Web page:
Nestle Encourages Consumers to Trade one Bad Addiction for Another
By Kate Fried
Earlier this week, Nestlé announced word of its new social media campaign to get health-minded consumers “hooked” on their sparkling water products. Their “Nature’s Fix” campaign is intended to sell consumers more unnecessary, environmentally destructive bottled water by marketing it through adorable woodland creatures pushing samples of some quality flavored sparkling H20. I don’t know about you, but I’m usually skeptical when a beverage company incorporates a cartoon bear to hard sell me on a “natural” beverage choice like it’s some sort of breakfast cereal. This is water. I don’t need a middleman to add flavor to it.
According to the multinational water-bottling giant, the campaign is designed to encourage consumers to replace their soda and fruit juice habits with a new one: Nestlé flavored sparkling bottled water. The need for this campaign is even supported by what is undoubtedly a very scientific poll that reveals that U.S. consumers are ready to make more positive lifestyle choices, and that one-quarter of soda-drinking Americans would be open to replacing their soda habit with sparkling bottled water.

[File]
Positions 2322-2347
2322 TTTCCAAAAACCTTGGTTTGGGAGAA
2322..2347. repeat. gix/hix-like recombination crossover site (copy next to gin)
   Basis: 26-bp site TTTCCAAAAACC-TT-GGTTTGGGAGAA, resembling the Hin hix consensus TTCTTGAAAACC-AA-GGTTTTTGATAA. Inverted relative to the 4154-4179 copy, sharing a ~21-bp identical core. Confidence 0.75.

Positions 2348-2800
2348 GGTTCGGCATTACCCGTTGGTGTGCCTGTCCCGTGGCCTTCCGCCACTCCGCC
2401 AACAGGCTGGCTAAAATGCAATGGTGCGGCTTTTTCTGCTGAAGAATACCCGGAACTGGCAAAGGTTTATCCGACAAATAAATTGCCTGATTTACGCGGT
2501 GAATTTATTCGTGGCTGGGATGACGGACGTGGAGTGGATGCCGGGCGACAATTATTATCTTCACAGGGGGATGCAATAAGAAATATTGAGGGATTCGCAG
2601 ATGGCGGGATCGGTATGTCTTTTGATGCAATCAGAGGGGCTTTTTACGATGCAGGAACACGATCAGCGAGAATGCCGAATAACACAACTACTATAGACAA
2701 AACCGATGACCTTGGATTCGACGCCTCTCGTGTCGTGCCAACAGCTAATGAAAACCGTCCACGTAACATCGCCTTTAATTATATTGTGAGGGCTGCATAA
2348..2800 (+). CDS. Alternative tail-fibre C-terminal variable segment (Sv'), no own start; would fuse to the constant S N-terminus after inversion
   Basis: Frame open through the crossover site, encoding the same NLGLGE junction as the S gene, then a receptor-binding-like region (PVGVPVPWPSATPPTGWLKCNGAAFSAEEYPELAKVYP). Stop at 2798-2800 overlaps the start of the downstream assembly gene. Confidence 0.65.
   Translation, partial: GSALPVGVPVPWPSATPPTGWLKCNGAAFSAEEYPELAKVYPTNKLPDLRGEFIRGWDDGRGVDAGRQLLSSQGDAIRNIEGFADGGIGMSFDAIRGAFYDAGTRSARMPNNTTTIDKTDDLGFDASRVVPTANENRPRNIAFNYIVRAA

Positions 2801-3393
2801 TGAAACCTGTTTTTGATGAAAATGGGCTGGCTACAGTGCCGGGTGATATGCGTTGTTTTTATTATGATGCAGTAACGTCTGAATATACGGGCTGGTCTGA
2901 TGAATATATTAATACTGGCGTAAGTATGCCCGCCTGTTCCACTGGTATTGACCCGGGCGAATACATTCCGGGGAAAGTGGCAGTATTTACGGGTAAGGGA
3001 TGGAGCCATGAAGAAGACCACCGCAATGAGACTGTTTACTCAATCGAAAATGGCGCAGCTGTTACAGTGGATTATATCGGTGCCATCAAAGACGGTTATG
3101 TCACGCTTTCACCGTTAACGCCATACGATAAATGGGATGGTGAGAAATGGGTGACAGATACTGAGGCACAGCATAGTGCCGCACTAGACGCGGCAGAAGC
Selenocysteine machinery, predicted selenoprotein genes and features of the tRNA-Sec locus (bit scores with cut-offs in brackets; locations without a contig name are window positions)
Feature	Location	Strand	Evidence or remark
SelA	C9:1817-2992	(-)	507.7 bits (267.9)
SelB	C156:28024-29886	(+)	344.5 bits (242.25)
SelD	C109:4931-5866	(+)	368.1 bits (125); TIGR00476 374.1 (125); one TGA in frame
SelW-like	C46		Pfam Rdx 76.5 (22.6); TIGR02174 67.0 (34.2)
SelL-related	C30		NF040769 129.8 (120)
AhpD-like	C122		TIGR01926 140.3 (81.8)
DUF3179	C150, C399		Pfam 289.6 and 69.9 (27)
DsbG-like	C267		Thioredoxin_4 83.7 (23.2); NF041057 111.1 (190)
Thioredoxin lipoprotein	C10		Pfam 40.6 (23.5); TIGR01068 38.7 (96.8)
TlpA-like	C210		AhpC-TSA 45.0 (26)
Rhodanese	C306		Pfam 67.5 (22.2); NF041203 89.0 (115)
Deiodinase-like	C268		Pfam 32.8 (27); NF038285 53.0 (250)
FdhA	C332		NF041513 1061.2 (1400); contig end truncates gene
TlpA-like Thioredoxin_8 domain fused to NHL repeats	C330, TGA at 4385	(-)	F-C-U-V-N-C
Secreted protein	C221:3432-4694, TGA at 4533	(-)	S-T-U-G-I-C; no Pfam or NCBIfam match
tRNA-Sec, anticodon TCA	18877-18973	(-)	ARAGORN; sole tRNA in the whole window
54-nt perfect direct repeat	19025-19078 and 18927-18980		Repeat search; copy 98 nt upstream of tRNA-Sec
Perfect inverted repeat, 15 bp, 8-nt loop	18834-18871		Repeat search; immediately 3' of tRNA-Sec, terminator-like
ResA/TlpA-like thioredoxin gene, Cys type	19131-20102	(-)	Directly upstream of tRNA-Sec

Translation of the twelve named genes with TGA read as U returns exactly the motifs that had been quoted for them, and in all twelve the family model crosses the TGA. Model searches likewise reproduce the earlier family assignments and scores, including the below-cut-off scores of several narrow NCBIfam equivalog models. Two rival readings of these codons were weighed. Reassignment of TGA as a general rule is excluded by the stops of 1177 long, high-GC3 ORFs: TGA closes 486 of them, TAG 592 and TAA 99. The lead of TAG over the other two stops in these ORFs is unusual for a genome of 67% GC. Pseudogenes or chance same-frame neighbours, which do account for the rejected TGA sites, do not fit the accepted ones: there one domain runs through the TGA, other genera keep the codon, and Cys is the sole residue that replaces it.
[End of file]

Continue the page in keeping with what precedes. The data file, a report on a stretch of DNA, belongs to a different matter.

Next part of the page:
ORC International conducted the poll, although Nestlé’s press release doesn’t actually link to the survey results. Therefore, inquiring minds will just need to take Nestlé’s word at face value.
What’s most perplexing about this announcement however, is that there’s very little evidence that Nestlé is actually using social media in any sort of innovative manner to create a community around its products, or to get consumers “hooked” on them. Earlier today, I took a peek at Facebook pages created for some Nestlé bottled water brands as part of the campaign, and I saw very little going down besides some opportunities to download a coupon. What’s so innovative about that?
Confusion about tactics aside, the bottom line is that we do not need to get “hooked” on any more products that compromise access to safe, clean affordable water resources or the eco-systems that sustain them. I therefore hope you will join me as I indulge in a fix of a very different nature—good old-fashioned water from the tap.